Sick Pay

When you are unable to work through sickness, the last thing you need is further stress and worry caused by uncertainty regarding your employment.

There are three particular areas of employment law which offer you protection:

  • Your employer has a legal obligation to protect you when you return to work from sickness (under The Health and Safety at Work Act 1974) if you are more vulnerable to risk because of injury, illness or disability.
  • Your employer has a duty to make reasonable adjustments if your illness or injury constitutes a disability (under the Equality Act 2010) and they must not treat you less favourably than other employees.
  • If you feel you are under threat of dismissal because of your sickness record, your employer must use a fair procedure.

There is no statutory right to receive pay at your normal rate when you are off work through sickness or injury. Your employer has the option to pay you all, or part, of your salary for a certain amount of time if they choose. Ideally this should be explained in your contract of employment. The amount of paid time-off for sickness may be linked to length of service or other factors. Your employer is also within their rights to make decisions on a case by case basis. If there is no contractual right to sick pay you will, if you qualify, receive Statutory Sick Pay.

For the first seven days of any sickness absence you can self-certificate and your employer has no right to ask for formal medical evidence during that period. If you are off work for longer than seven days then you do have to provide a medical certificate. In the event of a possible long-term sickness absence, or repeated short term absences, your employer can ask you to undergo an independent medical examination.

How we can help

In cases of long-term absence, or frequent short-term absences, your employer may decide to take disciplinary action. If they do decide to take this route, or if you have any other concerns about your rights concerning sickness absence, talk to Else Solicitors. We can advise you whether or not your employer’s behaviour is fair and reasonable in the eyes of the law and whether you are being discriminated against.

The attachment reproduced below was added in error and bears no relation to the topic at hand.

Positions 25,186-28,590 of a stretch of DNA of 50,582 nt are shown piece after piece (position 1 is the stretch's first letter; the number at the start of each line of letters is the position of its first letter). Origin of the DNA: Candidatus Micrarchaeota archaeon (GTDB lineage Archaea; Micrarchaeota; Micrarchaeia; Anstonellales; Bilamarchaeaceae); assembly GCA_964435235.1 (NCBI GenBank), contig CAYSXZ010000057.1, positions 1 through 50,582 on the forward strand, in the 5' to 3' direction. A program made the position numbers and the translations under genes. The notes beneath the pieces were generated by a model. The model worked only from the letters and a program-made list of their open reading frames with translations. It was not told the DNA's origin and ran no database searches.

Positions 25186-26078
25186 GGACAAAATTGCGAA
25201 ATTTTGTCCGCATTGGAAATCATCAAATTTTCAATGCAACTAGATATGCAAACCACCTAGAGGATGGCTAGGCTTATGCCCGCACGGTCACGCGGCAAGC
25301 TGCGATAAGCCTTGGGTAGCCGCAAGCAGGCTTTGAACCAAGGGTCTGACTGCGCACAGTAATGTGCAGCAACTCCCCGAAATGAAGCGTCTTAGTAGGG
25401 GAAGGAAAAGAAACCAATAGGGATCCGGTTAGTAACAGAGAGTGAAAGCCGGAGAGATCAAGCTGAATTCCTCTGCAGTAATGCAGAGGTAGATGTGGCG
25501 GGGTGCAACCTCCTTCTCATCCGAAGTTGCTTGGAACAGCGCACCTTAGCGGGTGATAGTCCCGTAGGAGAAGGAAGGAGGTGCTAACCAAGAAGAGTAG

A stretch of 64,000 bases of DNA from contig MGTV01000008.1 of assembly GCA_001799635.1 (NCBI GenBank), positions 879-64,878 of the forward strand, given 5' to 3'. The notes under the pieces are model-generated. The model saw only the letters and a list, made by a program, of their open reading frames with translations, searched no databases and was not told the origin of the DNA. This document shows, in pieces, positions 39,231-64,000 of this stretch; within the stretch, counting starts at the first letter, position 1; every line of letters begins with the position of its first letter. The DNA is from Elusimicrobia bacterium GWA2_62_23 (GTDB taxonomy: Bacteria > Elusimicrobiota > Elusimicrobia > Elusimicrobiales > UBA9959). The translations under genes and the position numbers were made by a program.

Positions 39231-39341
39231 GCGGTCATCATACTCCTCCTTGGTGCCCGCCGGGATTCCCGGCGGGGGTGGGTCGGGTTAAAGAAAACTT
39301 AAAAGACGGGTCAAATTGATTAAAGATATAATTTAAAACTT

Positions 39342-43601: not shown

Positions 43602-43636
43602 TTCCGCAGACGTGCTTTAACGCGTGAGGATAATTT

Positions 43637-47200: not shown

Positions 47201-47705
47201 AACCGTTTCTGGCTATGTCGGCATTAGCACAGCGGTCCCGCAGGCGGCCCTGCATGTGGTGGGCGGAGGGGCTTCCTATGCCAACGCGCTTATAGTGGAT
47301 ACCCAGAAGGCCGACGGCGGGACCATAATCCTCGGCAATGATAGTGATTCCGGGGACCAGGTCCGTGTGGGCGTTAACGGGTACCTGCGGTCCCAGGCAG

Our team has many years of experience in employment law, from the point of view of employers and employees, making us ideally placed to help you with any fears or worries. We can offer an initial, free consultation to listen to your concerns and advise you of your options.

For more information on how we can help, please contact Stephen Stewart on 01283 526200 or email

Employment Contracts

Your contract of employment is one of the most important documents you will ever sign.

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In the current financial climate redundancies are a common occurrence.

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Sick Pay

When you are unable to work through sickness, the last thing you need is further stress regarding your employment.

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Constructive Dismissal & Unfair Dismissal

The threat of dismissal from work is a very real one for many people.

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Employment Tribunal Solicitors

Employment Tribunals are independent bodies who can pass legally-binding judgements.

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Holiday Entitlement & Equal Pay Claims

There are a wide range of rights attaching to payments due from employers in the course of employment, both statutory and contractual.

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Bullying In The Workplace, Discrimination & Harassment

Employees are protected under UK legislation from being discriminated against on the grounds of their race, religion or belief, age, gender, disability or sexual orientation.

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What Happens When Your Employer Is Insolvent?

If the company you work for hits hard financial times, is unable to pay its debts and is legally insolvent, you may be entitled to compensation.

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Disciplinary & Grievance Procedure

The Advisory, Conciliation and Arbitration Service (ACAS) has a code of practice for both disciplinary and grievance procedures – but it is not legally-binding, so employers can adopt their own policies on how to handle these matters.

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What Happens When The Company You Work For Is Sold?

If the company you work for is sold, your employment rights should usually be protected under the Transfer of Undertakings (Protection of Employment) Regulations 2006 (TUPE).

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Steve joined Else after spending over 20 years in law practices in Worcestershire and the West Midlands specialising in dispute resolution particularly High Court litigation.

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Stephen Stewart

Dispute Resolution Solicitor

How can we help?

Get in touch.

Else have a team of experienced employment solicitors, in Burton on Trent, that focus firmly on preventing disputes from occurring.

If you would like more information from our employment solicitors in Burton on Trent please call 01283 526200. Alternatively, you can send us a message and we will get in touch at a time that suits you.